NOAO Home Page News Archive
The last 5 news items that have appeared on the NOAO Home Page.
March 22, 2017
Image/Video Credit: Rongpu Zhou
Dusk to Dawn time-lapse at CTIO
While observing for the DECam Legacy Survey (DECaLS), Rongpu Zhou (University of Pittsburgh) set up a camera to capture a time-lapse of the evening. For the first 18 seconds of the video, the moon illuminates the foreground as if it were daylight, while the night sky rotates overhead. As the moon sets, many more stars become visible, and our galaxy, the Milky Way, rises as the Magellanic Clouds set behind the Blanco 4m Telescope. The time-lapse was taken on 4 March 2017.
Click the image to view the time-lapse and to see more options.
March 02, 2017
Image Credit: P. Marenfeld/NOAO/AURA/NSF
The March 2017 NOAO Newsletter is online and ready to download. It contains sections on Science Highlights, Community Science & Data, System Observing: Telescopes and Instruments, and NOAO Operations & Staff.
On the Cover
NOAO is developing tools for the astronomical community to enable research using big datasets from multiple sources. The cover image is the first panel of “Tales of the Modern Astronomer: Boom Goes the Night,” which tells the story of a young researcher who uses tools such as ANTARES to find the optical afterglow of a gravitational wave detection by combining LIGO with the LSST alert stream to identify optical afterglow candidates that can be followed up with telescopes such as Gemini and the Blanco 4mtelescope using the Dark Energy Camera.
February 03, 2017
Image Credit: J. Rose & NOAO/AURA/NSF
Engaging Students in STEM
Over 200 students from six Tucson high schools recently built Galileoscopes, small mass-produced telescopes that offer an inexpensive way to view the same celestial objects studied by Galileo. The telescope-building event, part of the MathMovesU program, was led by Raytheon Engineers and the UA Early Academic Office in partnership with NOAO and the Tucson Amateur Astronomy Association. The MathMovesU program aims to inspire students to consider majoring in science, technology, engineering and math (STEM) fields in college and to pursue STEM careers.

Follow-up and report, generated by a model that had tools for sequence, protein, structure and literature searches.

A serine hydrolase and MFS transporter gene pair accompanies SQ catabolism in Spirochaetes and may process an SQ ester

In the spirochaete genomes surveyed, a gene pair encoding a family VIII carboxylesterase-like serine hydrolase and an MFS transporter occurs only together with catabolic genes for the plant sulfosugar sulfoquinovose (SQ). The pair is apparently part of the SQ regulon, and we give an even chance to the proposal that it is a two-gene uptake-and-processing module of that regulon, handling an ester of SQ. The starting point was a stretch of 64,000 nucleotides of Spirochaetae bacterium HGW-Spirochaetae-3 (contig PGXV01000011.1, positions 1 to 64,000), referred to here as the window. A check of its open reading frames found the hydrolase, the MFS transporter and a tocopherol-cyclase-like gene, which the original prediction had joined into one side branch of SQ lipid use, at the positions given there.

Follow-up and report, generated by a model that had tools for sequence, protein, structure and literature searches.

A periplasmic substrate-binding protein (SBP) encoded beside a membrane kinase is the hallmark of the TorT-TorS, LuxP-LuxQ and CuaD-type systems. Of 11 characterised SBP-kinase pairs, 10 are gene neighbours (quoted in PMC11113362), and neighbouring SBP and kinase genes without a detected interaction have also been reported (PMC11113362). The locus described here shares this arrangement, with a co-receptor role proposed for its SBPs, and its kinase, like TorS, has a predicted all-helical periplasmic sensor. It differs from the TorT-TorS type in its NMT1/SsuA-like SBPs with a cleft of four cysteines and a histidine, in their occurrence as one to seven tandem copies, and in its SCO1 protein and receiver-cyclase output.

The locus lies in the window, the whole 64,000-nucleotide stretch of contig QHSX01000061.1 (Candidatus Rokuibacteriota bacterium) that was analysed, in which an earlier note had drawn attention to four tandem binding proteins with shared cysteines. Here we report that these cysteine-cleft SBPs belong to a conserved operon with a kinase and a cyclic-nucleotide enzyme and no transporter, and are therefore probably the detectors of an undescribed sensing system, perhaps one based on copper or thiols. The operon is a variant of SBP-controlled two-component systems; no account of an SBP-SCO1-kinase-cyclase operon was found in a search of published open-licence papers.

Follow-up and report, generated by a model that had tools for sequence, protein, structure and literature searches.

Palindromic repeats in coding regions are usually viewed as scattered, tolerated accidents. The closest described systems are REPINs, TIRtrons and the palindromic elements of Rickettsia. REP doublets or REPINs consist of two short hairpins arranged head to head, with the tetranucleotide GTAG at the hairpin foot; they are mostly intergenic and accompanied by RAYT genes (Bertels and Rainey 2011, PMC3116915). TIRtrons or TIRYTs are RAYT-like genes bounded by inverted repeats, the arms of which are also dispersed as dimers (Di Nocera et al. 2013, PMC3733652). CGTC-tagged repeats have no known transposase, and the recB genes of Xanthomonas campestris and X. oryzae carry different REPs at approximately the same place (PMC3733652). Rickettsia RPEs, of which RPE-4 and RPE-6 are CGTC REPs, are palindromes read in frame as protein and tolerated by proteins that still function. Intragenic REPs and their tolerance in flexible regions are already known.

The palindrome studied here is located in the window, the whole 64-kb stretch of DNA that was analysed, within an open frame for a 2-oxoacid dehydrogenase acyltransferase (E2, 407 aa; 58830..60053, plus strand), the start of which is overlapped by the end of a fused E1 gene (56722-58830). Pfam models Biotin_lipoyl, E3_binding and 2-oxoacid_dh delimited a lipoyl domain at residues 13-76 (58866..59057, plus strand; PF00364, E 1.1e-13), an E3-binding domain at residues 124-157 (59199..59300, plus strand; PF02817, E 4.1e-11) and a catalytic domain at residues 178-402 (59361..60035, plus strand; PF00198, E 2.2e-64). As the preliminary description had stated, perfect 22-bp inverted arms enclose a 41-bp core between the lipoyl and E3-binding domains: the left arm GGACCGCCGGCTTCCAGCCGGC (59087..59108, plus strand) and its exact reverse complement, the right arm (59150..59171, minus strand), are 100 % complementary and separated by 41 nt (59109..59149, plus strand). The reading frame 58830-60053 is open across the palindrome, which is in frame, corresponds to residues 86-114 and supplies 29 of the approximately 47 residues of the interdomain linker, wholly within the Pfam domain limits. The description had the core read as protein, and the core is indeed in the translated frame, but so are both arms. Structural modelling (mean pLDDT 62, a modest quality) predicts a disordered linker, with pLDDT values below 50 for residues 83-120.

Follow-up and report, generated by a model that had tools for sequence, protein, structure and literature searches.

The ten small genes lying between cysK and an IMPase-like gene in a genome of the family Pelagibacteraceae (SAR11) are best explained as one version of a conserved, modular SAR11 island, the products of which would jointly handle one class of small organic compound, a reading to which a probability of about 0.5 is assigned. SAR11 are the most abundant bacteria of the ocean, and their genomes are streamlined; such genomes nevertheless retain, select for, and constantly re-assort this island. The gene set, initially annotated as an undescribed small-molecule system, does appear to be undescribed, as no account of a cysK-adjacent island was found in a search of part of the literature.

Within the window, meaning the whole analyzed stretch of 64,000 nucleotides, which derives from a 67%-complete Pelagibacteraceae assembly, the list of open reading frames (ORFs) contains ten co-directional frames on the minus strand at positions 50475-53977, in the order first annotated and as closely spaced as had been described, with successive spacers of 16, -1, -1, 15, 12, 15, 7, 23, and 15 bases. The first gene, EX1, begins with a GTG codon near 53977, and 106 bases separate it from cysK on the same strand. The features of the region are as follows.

Local media coverage of the event:
January 09, 2017
Image Credit: Babak A. Tafreshi
Protecting Dark Skies for Astronomy and Life
Artificial light at night is a threat to astronomical research, personal safety, and the health of humans and wildlife. To address the challenge posed by the proliferating use of LEDs for billboards and street lighting, NOAO, in partnership with other concerned organizations, recently convened a workshop to showcase successful strategies for reducing light pollution. The workshop was held at the January meeting of the American Astronomical Society (AAS) where the AAS Council announced a three-part resolution on light pollution, including calling on all AAS members to protect dark skies in their communities. Read more…
December 29, 2016
NOAO announces with sorrow the death of Dr. Vera Rubin
Dr. Vera Rubin began observing at Kitt Peak National Observatory in 1963 at the 36-inch telescope. With her colleague Kent Ford, she continued using the Kitt Peak 2.1-m, accumulating over 60 galaxy rotation curves over the following years. Flat rotation curves were directly visible from the spectra: these data provided compelling observational evidence for a new kind of matter in the Universe, “dark matter”. Vera Rubin continued observing at Kitt Peak and Cerro Tololo throughout her long career, and will be greatly missed by the entire NOAO science staff, the mountain technical staff, and everyone who had the good fortune to meet her.